By Tom Prezelski
Re-blogged from Rum, Romanism and Rebellion
We have been hearing about a forthcoming Cesar Chavez biopic since at least the 1990s, when an El Vez lyric plugged a rumored project by Moctezuma Esparza which never materialized. Today, a mainstream feature film about the legendary Arizonan finally opens nationwide.
Predictably, this has brought out the trolls, the same trolls who tell us that Martin Luther King Jr. would support the TEA Party if he were alive today and that Ronald Reagan was the real hero of the civil rights movement. This time, the claim is that Chavez was a registered Republican and a vocal and dedicated opponent of immigration.
First, his one-time voter registration is irrelevant. The Republican party of the 1950s and 60s was a very different animal than the one which is familiar to us today, and his political loyalties have to be considered in the context of his contentious relationship with some prominent Democrats like California Governor Pat Brown. His well-recorded support of Democrats like Bobby Kennedy and lifelong work for causes like civil rights and organized labor, however, would seem to imply that his Republican registration was nominal at best.
As for his immigration stand, I first heard this one from some of my Republican colleagues as a member of the legislature. As strange as it seems, despite the fact that many people at and around the capitol had actually worked with Chavez, not one of the folks telling me these things bothered to ask around before repeating the talking points.
In keeping with my biblical namesake, I would not take their word for it. I called up my former colleague, Representative John Loredo, who had worked with Chavez as a young man, and he helped me get in touch with some folks familiar with the issue. It was no surprise that Chavez’ position on immigration was more nuanced and complicated than my anti-immigrant colleagues would have been willing to concede.
Chavez was first and foremost a labor organizer, and anyone familiar with history knows that organized labor in the West has a problematic history with regard to immigration. In Arizona, for example, in the name of protecting unionized workers, nativist elements within organized labor successfully pushed legislation during the early days of statehood that effectively disenfranchised the state’s Mexican-American population for decades. Chavez, at one point in his career, campaigned against illegal immigration, even as his union welcomed the undocumented in its hiring halls. This needs to be considered in context.
Chavez’ own organizing efforts, both with the Community Service Organization (CSO) during the 1950s and the United Farm Workers (UFW) from the 1960s onward, included undocumented immigrants, so he clearly did not take issue with immigration in and of itself. His issue was with undocumented immigrants being brought over the border in an effort to break strikes, and with the fact that federal law enforcement turned a blind eye to this even as they targeted other folks who crossed the border illegally. His grievance was with the inconsistency of immigration enforcement, particularly because this hypocrisy conveniently tended to favor the growers who opposed him, and undermined his fight for the dignity of the farmworkers his union represented, including those who were here without papers.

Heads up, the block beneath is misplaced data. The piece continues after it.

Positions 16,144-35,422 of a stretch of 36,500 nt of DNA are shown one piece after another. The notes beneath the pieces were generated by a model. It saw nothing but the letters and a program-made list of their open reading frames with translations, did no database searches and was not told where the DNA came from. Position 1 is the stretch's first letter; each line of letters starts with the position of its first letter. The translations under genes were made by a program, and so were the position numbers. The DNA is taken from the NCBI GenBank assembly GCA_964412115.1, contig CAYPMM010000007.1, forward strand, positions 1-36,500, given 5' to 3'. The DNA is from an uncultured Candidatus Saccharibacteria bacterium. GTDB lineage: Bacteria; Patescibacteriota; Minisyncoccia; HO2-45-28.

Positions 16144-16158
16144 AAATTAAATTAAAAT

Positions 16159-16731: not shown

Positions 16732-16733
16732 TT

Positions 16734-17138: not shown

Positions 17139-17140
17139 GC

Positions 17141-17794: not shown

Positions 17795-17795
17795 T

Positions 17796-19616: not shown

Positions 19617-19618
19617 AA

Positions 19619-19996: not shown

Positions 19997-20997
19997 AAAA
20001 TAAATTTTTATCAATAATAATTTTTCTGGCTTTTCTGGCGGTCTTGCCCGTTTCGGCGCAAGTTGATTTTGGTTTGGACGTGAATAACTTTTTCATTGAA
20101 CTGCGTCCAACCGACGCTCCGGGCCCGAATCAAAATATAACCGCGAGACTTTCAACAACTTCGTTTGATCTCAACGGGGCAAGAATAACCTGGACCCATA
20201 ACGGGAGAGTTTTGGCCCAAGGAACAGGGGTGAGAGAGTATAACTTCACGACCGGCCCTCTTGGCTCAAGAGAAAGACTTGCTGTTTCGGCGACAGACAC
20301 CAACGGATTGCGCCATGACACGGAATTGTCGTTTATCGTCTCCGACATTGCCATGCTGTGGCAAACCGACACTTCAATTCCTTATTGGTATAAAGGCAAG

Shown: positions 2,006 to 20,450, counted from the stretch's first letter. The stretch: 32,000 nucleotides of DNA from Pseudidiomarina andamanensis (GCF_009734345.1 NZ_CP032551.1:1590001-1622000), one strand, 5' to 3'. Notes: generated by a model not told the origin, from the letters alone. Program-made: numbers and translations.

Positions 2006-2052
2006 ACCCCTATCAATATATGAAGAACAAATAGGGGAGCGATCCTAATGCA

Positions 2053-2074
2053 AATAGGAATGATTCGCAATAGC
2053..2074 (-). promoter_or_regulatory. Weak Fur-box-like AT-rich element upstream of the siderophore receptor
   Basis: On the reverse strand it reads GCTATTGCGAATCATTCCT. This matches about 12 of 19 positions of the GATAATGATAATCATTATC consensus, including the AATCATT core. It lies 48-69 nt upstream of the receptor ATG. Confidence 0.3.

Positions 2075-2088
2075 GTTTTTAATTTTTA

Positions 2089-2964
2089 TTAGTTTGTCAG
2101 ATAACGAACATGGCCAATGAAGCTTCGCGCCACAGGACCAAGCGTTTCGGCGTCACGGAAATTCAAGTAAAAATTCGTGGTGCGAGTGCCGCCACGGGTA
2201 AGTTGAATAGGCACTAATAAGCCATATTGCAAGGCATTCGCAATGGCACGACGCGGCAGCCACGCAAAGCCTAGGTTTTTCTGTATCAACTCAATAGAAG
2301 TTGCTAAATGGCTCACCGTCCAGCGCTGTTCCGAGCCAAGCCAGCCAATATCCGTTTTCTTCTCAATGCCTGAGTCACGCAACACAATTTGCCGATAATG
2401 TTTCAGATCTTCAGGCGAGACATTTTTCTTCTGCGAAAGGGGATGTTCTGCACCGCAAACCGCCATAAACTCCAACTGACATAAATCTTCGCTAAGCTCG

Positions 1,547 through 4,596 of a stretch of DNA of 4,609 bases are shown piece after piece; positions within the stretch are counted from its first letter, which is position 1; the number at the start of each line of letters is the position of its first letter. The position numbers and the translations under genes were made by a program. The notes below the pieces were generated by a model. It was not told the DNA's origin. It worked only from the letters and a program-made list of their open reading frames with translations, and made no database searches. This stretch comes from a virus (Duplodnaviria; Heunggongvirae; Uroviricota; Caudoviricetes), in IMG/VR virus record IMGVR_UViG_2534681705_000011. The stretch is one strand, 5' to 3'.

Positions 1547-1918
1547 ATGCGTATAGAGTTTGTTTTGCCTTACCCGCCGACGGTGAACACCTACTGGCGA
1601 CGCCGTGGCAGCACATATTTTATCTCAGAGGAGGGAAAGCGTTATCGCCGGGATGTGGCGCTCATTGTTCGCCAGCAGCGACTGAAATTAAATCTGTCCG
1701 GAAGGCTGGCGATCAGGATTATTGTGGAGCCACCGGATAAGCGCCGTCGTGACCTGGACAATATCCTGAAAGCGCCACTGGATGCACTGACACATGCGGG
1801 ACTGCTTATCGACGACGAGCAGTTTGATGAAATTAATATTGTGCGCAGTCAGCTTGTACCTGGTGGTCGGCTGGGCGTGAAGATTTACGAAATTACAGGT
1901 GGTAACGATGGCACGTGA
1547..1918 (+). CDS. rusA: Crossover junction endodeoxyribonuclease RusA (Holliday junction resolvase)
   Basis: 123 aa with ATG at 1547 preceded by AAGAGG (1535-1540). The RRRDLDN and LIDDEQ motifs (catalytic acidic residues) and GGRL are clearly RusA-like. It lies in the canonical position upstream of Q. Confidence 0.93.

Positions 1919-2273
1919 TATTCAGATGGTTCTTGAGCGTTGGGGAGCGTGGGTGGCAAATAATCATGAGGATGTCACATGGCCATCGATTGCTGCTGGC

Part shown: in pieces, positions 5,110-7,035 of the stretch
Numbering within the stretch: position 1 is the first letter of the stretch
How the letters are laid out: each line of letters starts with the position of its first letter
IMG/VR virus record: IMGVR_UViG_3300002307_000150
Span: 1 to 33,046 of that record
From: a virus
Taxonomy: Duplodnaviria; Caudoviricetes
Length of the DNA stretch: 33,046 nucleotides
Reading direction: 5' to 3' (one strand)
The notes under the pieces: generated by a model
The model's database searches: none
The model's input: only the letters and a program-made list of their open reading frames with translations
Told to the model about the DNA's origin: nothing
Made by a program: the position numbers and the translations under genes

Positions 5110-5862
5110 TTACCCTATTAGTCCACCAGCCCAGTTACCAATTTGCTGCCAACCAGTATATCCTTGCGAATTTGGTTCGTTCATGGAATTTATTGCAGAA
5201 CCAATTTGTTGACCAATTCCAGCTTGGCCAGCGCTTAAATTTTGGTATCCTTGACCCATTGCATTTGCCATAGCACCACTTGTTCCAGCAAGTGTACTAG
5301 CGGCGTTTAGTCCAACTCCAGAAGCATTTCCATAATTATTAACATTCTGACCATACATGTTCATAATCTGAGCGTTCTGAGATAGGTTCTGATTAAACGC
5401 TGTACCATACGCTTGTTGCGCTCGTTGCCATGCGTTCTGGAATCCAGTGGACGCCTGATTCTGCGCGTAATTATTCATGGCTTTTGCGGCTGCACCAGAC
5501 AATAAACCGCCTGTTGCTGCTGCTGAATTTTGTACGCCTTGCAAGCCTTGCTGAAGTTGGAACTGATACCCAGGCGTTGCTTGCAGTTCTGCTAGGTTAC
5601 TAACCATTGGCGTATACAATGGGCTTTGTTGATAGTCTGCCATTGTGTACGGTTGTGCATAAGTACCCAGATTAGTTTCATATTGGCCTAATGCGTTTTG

Chavez’ stand, and the UFW’s tactics and rhetoric in this regard were, as eloquently reported by former Arizona State Senate Majority Leader Alfredo Gutierrez, controversial among Mexican-American political leaders at the time. Chavez eventually moved on from this crusade, and by the 1980s, his organization, which had already long advocated for the inclusion of the undocumented in the labor movement well before other unions did so, actively supported progressive immigration reforms. The amnesty provision of the Immigration Reform Act of 1986 was passed due in large part to the UFW’s efforts.
The film has also been attacked by conservatives for failing to portray Chavez’ activities against illegal immigration. This is about as silly as attacking Moctezuma Esparza’s Gettysburg for failing to show General Hancock’s mediocre performance during Reconstruction. It is beyond the scope of the movie, which takes place before this issue emerged.
I guess we can concede one thing to the trolls: the life, work and legacy of Cesar Chavez are much bigger than can be portrayed in any one movie. On the other hand, the dismissive conservative talking points in this regard fail in a much bigger way. The historical facts, as usual, tell a far more complicated story.